- Airbnb has been quietly opening branded apartment buildings and condo-hotel towers in cities like Miami, Austin, Orlando, and Nashville.
- In Miami, the company is partnering with a developer to open a 48-story, Airbnb-branded tower called Natiivo that will offer 412 condos and 192 hotel rooms — all of which can be rented out via Airbnb, Christopher Cameron reported for The New York Post.
- Airbnb is also opening branded apartment buildings in cities like Orlando and Nashville, where studio apartments start at $2,392 per month.
- In the past couple of years, Airbnb has also added more and more boutique hotels to its platform and acquired hotel-booking app HotelTonight.
- These moves signal that Airbnb is expanding from its vacation rental roots and moving toward real-estate and hotels.
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Airbnb may be on its way to becoming a hotel company.
In the past couple of years, the 11-year-old hospitality company has been quietly departing from its roots of listing private homes and rooms to developing branded hybrid hotel-condo towers, offering boutique hotel listings, and even buying a hotel room booking company.
Airbnb is partnering with Newgard Development Group to open a 48-story tower in downtown Miami called Natiivo that will offer 412 condos and 192 hotel rooms — all of which can be rented out via Airbnb, Christopher Cameron reported for The New York Post.
Natiivo claims to be the first-ever property that's designed, built, and licensed for home-sharing, but it's not the only concept of the type Airbnb is working on.
Airbnb-branded towers are rising in cities like Miami, Austin, Nashville, and Orlando
Natiivo Miami, set to open in the spring of 2022, is one of several Airbnb-branded buildings that are popping up in places like Austin, Nashville, and Orlando.
Austin, Texas will also be getting a Natiivo condo-hotel in the fall of 2021, Curbed reported in 2017. Airbnb won't own or manage the Natiivo towers, but it will be a branded partner and provide consultation on interior design.
Then there's Niido, an Airbnb-branded apartment complex with locations in Nashville and Kissimmee, just south of Orlando, Florida, that leases "Airbnb-friendly unfurnished apartments" to residents, while guests can either book a resident's unit on Airbnb or stay in one of the "designer apartments," called NiidoHomes.
Niido's website includes a calculator for residents to see how much money they'd save renting out their place on Airbnb.
These Airbnb-branded residences don't come cheap. At Niido Nashville, studio apartments start at $2,392 per month and one-bedrooms start at $2,612. Two-bedrooms start at $4,195. And at Natiivo Miami, condos are currently listed from $350,000 to $1.2 million.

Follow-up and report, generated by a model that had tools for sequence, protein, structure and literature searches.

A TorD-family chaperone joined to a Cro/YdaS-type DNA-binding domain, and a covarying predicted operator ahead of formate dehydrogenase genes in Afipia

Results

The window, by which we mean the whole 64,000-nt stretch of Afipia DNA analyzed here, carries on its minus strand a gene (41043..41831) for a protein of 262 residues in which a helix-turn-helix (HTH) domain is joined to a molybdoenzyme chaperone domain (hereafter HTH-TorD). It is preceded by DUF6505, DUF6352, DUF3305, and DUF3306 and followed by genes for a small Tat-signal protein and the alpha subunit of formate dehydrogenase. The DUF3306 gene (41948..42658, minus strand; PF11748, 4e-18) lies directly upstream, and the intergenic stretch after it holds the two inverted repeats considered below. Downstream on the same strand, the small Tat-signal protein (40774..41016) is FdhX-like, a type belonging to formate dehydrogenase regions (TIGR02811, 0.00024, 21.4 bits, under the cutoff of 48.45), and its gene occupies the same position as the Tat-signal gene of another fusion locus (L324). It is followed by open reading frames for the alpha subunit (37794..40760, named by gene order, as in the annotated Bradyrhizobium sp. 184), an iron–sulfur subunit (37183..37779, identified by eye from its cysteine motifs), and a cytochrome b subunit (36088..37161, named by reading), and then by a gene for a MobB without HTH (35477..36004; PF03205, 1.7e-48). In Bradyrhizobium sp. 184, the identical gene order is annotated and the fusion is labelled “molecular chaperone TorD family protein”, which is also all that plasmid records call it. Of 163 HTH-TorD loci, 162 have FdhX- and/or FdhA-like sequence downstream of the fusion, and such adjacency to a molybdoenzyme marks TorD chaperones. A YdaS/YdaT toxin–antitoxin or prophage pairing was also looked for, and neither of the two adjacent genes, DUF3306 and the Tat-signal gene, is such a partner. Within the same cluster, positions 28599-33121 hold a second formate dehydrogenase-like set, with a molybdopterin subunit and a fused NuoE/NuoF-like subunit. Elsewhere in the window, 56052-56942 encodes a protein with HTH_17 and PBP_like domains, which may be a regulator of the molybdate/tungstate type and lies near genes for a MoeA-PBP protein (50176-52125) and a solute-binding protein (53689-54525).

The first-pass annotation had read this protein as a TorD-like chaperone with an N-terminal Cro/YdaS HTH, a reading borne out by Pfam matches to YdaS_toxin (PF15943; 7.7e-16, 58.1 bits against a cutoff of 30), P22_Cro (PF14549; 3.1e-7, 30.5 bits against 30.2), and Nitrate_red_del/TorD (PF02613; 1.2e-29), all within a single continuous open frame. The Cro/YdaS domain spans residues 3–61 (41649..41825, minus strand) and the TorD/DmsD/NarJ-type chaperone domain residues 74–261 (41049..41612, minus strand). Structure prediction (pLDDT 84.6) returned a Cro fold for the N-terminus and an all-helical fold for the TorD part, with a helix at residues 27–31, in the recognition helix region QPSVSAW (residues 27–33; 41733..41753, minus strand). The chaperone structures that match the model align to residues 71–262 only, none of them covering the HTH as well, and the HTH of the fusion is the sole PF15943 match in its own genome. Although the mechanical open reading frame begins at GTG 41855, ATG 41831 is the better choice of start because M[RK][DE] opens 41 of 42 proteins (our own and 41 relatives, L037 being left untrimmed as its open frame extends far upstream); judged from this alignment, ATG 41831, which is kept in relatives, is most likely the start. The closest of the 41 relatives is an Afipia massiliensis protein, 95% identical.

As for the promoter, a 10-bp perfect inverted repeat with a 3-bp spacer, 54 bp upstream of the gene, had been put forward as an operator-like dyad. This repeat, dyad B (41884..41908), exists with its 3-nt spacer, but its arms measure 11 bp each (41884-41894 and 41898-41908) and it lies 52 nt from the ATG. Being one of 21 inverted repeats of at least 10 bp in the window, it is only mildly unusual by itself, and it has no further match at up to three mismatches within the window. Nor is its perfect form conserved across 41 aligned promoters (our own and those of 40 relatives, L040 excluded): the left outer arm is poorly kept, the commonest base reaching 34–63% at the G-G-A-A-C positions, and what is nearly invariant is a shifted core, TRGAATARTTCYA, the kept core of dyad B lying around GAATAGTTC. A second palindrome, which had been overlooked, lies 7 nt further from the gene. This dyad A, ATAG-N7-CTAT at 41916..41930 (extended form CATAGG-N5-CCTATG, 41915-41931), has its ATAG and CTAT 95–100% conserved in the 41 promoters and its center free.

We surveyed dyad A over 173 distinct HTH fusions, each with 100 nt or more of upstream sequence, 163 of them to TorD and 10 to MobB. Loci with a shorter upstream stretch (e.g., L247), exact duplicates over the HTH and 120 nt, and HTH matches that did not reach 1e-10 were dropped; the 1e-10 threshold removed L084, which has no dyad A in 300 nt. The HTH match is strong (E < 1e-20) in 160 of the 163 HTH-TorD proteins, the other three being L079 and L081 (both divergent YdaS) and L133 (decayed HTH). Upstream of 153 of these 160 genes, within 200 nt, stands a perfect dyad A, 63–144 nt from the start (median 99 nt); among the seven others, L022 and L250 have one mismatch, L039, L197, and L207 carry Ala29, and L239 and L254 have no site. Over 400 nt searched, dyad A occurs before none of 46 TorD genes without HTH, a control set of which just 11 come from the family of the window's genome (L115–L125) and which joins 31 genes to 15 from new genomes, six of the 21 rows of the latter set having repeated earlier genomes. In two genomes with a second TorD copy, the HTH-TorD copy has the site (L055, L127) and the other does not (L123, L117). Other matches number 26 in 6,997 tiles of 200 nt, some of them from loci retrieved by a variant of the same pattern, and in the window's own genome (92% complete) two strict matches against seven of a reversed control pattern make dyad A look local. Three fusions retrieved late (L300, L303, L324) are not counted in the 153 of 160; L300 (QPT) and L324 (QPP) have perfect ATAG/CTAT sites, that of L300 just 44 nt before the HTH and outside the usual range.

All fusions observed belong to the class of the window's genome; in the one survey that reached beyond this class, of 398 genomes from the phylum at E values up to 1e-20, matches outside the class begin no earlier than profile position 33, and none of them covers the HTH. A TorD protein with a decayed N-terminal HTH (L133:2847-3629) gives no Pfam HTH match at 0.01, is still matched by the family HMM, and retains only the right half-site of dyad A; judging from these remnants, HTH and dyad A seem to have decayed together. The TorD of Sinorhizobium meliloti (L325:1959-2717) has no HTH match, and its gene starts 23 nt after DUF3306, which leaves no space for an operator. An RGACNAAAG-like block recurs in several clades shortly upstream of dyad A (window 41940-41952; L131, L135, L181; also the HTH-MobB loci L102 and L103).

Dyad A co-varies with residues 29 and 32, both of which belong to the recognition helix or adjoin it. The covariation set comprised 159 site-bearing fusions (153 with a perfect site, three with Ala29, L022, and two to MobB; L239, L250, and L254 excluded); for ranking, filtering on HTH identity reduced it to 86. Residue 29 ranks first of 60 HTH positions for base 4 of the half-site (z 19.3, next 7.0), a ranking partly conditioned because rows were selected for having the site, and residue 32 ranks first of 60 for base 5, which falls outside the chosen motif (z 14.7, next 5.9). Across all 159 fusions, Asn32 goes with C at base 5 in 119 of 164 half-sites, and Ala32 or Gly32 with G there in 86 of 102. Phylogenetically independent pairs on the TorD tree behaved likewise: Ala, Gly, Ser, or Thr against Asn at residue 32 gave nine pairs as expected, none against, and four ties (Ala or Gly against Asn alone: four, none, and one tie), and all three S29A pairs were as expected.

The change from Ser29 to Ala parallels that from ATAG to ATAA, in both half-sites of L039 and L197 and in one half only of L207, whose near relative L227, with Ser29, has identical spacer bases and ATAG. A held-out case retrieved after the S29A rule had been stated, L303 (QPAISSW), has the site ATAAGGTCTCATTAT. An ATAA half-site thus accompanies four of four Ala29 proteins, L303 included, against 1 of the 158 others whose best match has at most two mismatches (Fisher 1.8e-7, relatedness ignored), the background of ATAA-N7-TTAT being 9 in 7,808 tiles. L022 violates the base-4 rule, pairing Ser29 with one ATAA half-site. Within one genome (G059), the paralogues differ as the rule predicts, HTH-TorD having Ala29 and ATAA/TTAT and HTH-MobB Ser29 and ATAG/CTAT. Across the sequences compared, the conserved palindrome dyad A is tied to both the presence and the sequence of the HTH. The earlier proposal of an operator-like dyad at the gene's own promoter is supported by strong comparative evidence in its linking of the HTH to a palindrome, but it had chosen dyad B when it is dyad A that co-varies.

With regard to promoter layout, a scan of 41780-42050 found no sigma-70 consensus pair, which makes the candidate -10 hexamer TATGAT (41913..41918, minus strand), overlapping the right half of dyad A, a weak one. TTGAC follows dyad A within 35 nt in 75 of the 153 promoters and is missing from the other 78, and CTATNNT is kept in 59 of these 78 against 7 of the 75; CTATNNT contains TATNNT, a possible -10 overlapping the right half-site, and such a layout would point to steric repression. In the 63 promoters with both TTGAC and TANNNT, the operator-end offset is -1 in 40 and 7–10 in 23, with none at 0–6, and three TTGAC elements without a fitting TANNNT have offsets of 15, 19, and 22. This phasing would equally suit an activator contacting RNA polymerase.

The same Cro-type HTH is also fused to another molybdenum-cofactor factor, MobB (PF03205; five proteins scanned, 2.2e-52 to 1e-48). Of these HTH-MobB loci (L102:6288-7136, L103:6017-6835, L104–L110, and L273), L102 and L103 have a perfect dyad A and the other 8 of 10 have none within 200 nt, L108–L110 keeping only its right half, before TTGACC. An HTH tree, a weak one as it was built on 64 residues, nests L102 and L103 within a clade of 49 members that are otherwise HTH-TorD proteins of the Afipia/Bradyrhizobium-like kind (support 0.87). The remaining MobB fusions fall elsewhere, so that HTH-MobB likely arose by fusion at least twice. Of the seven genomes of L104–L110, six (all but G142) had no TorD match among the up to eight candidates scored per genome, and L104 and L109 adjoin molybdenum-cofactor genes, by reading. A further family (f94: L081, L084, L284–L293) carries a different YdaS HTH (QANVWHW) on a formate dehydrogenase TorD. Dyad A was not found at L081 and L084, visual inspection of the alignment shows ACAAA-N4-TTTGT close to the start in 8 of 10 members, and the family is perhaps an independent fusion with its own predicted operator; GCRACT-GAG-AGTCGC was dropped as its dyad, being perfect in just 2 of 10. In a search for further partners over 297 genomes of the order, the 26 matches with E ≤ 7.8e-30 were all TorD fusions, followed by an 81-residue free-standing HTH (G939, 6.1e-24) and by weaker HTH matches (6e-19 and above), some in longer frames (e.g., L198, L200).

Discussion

Airbnb is moving more and more into the hotel industry
Airbnb, which today has more than seven million listings in 191 countries, is looking more and more like a hotel company.
Last month, CEO Brian Chesky announced that the company would conduct a comprehensive review of every single one of its listings to verify their accuracy and safety standards, The New York Times reported.
Jeff Spross of The Week called this "a big step towards operating more like the traditional hotel business."
While more and more boutique hotels have been listed on Airbnb in the past few years, Airbnb announced in early 2018 that it was making it make it easier for boutique hotels to list their rooms on the site. Now, you can search Airbnb listings in four categories: Shared Room, Private Room, Entire Place — and Hotel Room.
After Airbnb added this option, users went on to book three times as many boutique hotels in 2018 as the year before, according to the company.
And earlier this year, Airbnb bought HotelTonight, an app for getting discounts on hotel rooms through last-minute bookings, and started adding the app's hotel partners to Airbnb's platform.
These moves seem to be a departure from Airbnb's roots as a platform that connects travelers to people willing to open up their homes to strangers.
But Cameron Houser, the hotels program manager at Airbnb, told Skift earlier this year that she hopes the company's expansion into hotels will bring the platform closer to being "for everyone."
"My hope is that those folks who maybe had positioned us as a place that they weren't really going to find an accommodation can now open their minds and hearts to Airbnb a little bit more," Houser told Skift. "And find, perhaps, a small hotel or a bed-and-breakfast that they've been looking for."
Airbnb is part of a wave of companies offering hybrid accommodations that combine elements of hotels and private homes
Airbnb isn't alone in filling a hybrid role in the hospitality industry.
Startups like Sonder, Lyric, and Blueground offer apartment-style rentals in properties they lease and manage. Sonder, which has a valuation of more than $1 billion, even has backing from the former CFO of Airbnb, Laurence Tosi, who is a board member.
The new CEO of Trivago, Axel Hefer, recently told Business Insider that he thinks these companies are the future of travel because they they combine the best parts of Airbnbs and hotels: the coziness and personality of a private home with the predictability and standards of a hotel.